Oh no – I think I’m a hypochondriac!
Mary Jo Dowsett
Images by Sophia-Rose Abraham
Hi, my name is Mary Jo and I am a self-diagnosed hypochondriac. Despite never actually being diagnosed with hypochondria, I’m pretty sure I have almost every symptom (well, according to Google).
Self-diagnosing is my speciality and although I am well-aware of the dangers this can bring – I cannot help but rely on Google to solve my never-ending list of concerns. Google has
become my security blanket, a temporary anxiety reliever and quite frankly, my homedoctor.
For those who may be unaware, hypochondria is a form of health anxiety that leads you to believe you have, or will eventually develop, a serious illness. Despite the word being thrown around quite a lot in recent years, the condition is only thought to affect between two to five percent of the population.
Having said this, almost everyone has found themselves Googling symptoms at some point in their lives, with MedicalDirector revealing that 72 percent of Australians have turned to
Dr Google at least once. However, for those suffering from health anxiety this is often a daily ritual that can become all too consuming and even obsessive. Hypochondriacs can
spend every waking hour on Google searching tirelessly for some form of reassurance and instead leave with a browser history full of WebMD articles and crippling anxiety (because apparently every symptom is a sign you have two weeks left).
This type of internet-based hypochondria is also known as ‘cyberchondria’ and has taken health anxiety to a whole new level. Before access to the internet, health worries or concerns would typically be voiced among family and friends – many of whom would talk some sense into you before you completely spiralled (there is only so much pestering they can take). However, now whenever others dismiss your fears as irrational, you can turn to Google which somehow convinces you that your fears are in fact rational. This is especially common among the younger generations, with MedicalDirector revealing that 87 percent of 18-24-year-olds often use Google to diagnose their symptoms. For someone suffering with hypochondria, this convenience of Google can ultimately create an obsessive and unhealthy reliance.
The preoccupation with constantly fearing there is something terribly wrong with you is extremely draining, both physically and emotionally. What would typically be ignored or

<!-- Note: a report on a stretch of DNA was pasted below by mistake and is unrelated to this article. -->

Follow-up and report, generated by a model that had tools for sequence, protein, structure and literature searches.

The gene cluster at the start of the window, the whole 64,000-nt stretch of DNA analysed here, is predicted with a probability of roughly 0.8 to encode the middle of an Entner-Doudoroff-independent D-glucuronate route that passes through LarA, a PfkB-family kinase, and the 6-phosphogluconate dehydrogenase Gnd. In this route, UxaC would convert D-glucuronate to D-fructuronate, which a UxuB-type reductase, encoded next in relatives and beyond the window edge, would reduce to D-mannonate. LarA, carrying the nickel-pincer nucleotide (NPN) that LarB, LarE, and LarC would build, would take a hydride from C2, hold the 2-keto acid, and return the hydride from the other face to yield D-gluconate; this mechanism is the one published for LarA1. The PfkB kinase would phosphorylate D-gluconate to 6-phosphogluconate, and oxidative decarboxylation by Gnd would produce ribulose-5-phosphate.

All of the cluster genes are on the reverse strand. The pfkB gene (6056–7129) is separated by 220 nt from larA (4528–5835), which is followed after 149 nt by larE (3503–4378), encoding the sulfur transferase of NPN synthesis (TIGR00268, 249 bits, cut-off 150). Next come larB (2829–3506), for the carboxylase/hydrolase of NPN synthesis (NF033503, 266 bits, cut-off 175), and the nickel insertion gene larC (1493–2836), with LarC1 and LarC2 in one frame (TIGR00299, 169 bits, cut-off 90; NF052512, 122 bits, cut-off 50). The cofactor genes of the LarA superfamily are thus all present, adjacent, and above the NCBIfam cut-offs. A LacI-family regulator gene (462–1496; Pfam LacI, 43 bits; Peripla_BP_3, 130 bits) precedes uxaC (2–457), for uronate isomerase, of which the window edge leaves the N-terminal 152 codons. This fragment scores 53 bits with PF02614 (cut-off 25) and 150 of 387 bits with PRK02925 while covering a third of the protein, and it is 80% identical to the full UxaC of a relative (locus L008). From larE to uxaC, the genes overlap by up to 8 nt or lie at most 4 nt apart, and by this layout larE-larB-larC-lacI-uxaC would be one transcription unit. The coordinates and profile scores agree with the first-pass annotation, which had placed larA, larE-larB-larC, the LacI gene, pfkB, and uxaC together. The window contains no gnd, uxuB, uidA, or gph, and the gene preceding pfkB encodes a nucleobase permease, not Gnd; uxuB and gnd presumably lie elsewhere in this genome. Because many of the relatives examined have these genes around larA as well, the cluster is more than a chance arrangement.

shrugged off by the average person can be significantly magnified by a hypochondriac. Headaches, muscle aches or even a twitching finger can spiral into serious health worries. The brain is continuously on fight or flight mode, an exhausting and consuming cycle of fear and dread.
There are some hypochondriacs who actively avoid the doctors due to a fear of being told something terrible, yet there are also some who make a regular habit of booking appointments in a desperate need for reassurance. However, for many hypochondriacs, fear and anxiety can run so deep that even reassurance from a medical professional cannot alleviate any stress, convinced the doctor has overlooked something serious.
For a sufferer, it’s easy to be selective of the information you hear and read. Anytime the illness you are fearing is shown or mentioned, you convince yourself that it must be a sign from the universe that you definitely have it, right? And whenever there are reliable facts showing you that you’re being irrational, you don’t take notice. It’s as if our minds are programmed to only pick up certain frequencies, or in this case, illnesses.
According to Behaviour Research and Therapy, fearing for our health can increase after noticing ‘unfamiliar bodily sensations, hearing details of illness in a friend of a similar age, or new information about illness’. Additionally, the intense stress and anxiety caused from regularly fearing an illness can actually create or worsen symptoms such as headaches and stomach discomfort, further fuelling a sufferer’s anxiety.
Current health crisis aside, it’s clear that we live in an extremely health-conscious society, constantly bombarded with health-related news. This news typically focuses on what the latest danger to our health is (I swear there’s a new 10 every day), subsequently instilling fear into our minds whether we realise it or not. Therefore, this continued exposure to anxiety-filled news has (not surprisingly) created an anxiety-filled society. As mentioned in Hypochondriasis and Health Anxiety: A Guide for Clinicians, this unremitting exposure produces ‘favourable conditions for an epidemic of health anxiety’.
For anyone who has Googled symptoms before, you’ll know that it is an easy trap to fall into and can be extremely challenging to break free from. It is a convenient and sometimes helpful tool but can also be a one-way ticket to crippling anxiety. Personally, I’ve probably diagnosed myself with around 50 illnesses thanks to Dr Google over the years. However, I have recently been able to train myself to no longer instinctively reach for my phone whenever a symptom presents itself and instead find something that quickly distracts me, whether that be talking to a friend, reading a book or binge-watching a light-hearted show.
Of course it’s important to be aware of your health and any changes happening in your body – but instead of turning to Google to ease your anxious mind (which it definitely won’t – trust me), book in to see your doctor to ensure you have the right diagnosis and reassurance you deserve. It’s time to prioritise your mental health as much as your physical.